Life Under Fire in Jerusalem Neighborhood

The residents of the Pisgat Ze’ev neighborhood in Jerusalem live under random gunfire from a nearby Palestinian refugee camp with no end in sight. One of the residents’ fears that this Silent Intifada will develop into mortar fire: “The children find bullets on the streets. The kindergartens are empty.”

Firing at Pisgat Ze'ev
Firing at Pisgat Ze’ev

Although the wave of terror has died down in most of the country, the residents of Pisgat Ze’ev are still experiencing it every day. The shooting originates from the Shuafat Palestinian refugee camp and it frequently endangers the lives of the residents. Those who live on Eliyahu Meridor Street told reporters about the intolerable situation where the bullets penetrate into homes and cause harm. They state that the children are afraid to go outside and play in the parks.

Ofer Moha, a resident of the area, spoke about his feelings and the experiences of the families not living far away from Shuafat: “We didn’t know that we would be coming to a place where we are sitting ducks. Every Saturday, my children go out into the yard and collect bullets. It is sad.”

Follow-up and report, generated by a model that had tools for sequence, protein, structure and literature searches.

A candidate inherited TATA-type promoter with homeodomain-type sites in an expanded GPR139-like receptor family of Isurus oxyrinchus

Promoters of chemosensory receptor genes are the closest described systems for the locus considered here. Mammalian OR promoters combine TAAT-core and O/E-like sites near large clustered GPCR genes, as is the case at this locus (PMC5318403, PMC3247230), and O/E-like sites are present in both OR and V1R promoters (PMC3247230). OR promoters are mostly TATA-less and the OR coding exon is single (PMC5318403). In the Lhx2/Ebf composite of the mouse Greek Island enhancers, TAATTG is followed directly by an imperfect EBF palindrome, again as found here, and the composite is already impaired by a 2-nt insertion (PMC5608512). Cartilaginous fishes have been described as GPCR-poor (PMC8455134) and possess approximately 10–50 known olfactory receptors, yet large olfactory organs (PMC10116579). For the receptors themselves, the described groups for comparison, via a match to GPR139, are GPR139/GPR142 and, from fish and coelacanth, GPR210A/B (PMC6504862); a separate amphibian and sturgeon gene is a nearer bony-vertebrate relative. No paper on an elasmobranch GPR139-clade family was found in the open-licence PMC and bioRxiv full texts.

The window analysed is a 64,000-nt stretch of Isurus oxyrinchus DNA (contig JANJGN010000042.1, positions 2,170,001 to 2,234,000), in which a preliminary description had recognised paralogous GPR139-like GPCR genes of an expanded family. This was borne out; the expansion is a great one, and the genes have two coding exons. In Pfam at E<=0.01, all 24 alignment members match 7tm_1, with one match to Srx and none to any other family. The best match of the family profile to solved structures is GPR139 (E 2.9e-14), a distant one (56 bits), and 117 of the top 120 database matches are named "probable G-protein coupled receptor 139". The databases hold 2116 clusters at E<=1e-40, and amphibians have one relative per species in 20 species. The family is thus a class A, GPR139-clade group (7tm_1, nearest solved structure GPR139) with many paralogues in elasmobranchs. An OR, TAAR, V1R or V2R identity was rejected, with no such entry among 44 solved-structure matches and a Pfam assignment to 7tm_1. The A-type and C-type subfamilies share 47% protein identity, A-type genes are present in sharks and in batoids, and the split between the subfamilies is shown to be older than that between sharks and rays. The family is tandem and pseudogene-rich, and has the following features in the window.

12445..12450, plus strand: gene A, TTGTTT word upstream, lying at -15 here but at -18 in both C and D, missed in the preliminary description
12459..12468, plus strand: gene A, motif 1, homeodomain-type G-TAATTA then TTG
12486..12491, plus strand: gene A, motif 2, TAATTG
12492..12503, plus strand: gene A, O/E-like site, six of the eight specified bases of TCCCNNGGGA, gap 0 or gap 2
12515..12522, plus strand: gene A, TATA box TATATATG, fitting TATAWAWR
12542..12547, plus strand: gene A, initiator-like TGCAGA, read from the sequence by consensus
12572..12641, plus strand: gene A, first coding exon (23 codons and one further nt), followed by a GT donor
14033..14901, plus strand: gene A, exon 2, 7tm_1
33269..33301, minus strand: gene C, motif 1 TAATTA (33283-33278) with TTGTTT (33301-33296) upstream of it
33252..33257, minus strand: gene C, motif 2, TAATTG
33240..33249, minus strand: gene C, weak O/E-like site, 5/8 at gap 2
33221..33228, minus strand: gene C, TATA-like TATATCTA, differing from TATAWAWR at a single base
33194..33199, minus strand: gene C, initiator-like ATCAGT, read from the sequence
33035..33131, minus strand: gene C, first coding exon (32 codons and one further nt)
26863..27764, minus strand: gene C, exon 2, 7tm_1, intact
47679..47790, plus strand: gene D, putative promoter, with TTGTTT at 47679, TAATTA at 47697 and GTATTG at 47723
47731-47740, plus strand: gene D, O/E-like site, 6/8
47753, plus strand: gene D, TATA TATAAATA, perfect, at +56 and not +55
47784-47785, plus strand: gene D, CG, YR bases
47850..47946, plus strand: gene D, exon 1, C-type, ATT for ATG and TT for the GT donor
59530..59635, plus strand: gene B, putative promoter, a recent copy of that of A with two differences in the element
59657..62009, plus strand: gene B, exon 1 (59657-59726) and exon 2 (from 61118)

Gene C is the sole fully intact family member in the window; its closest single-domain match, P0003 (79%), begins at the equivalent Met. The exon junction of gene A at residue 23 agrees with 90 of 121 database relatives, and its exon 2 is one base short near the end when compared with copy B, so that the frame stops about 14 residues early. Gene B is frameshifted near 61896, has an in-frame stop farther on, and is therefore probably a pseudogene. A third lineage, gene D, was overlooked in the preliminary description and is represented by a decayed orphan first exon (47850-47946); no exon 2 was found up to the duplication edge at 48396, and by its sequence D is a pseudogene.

Moha spoke about an incident where shots were fired into his home: “My wife and I were sitting and watching television. Suddenly, we heard a knock of iron.  All of the building went outside and shouted: ‘They are shooting at us. They are firing at the building.’  I went outside and I saw a bullet hole in the trashcan in the yard. If there was not the trashcan there, the bullet simply would have penetrated inside my house without any doubt.”

“Every night, there is massive fire from there between the weddings and the family feuds,” he recalled. “They have a reason to celebrate. It is an opportunity for a type of exploitation. If my daughter recounts that I go to the supermarket and come back with a bullet, then the gunfire is not random. It is a deliberate act. Stop saying random firing. It’s really not the case.”

“Why when there is a clan fight, Pisgat Ze’ev must participate in it,” Moha pondered. “After all of the clan fights and weddings, there is firing. How is it that my daughter and I find bullets? How it is that cars are harmed? How is it that on Friday night, my friend sits to eat dinner and suddenly he hears tin rattling? When he goes outside, he sees that his grill has been perforated.”

Moha sadly confessed that this is just the beginning and that mortars and heavy fire bombarding the neighborhood is only a matter of time: “I think they are trying to see until where they can stretch the rope. They see that they can stretch the line and the Police simply don’t do anything. When I reported to the Police that there was 50 minutes of shooting, only the day after the Police came to gather evidence, document it and here is how it ended. The firing returned.”


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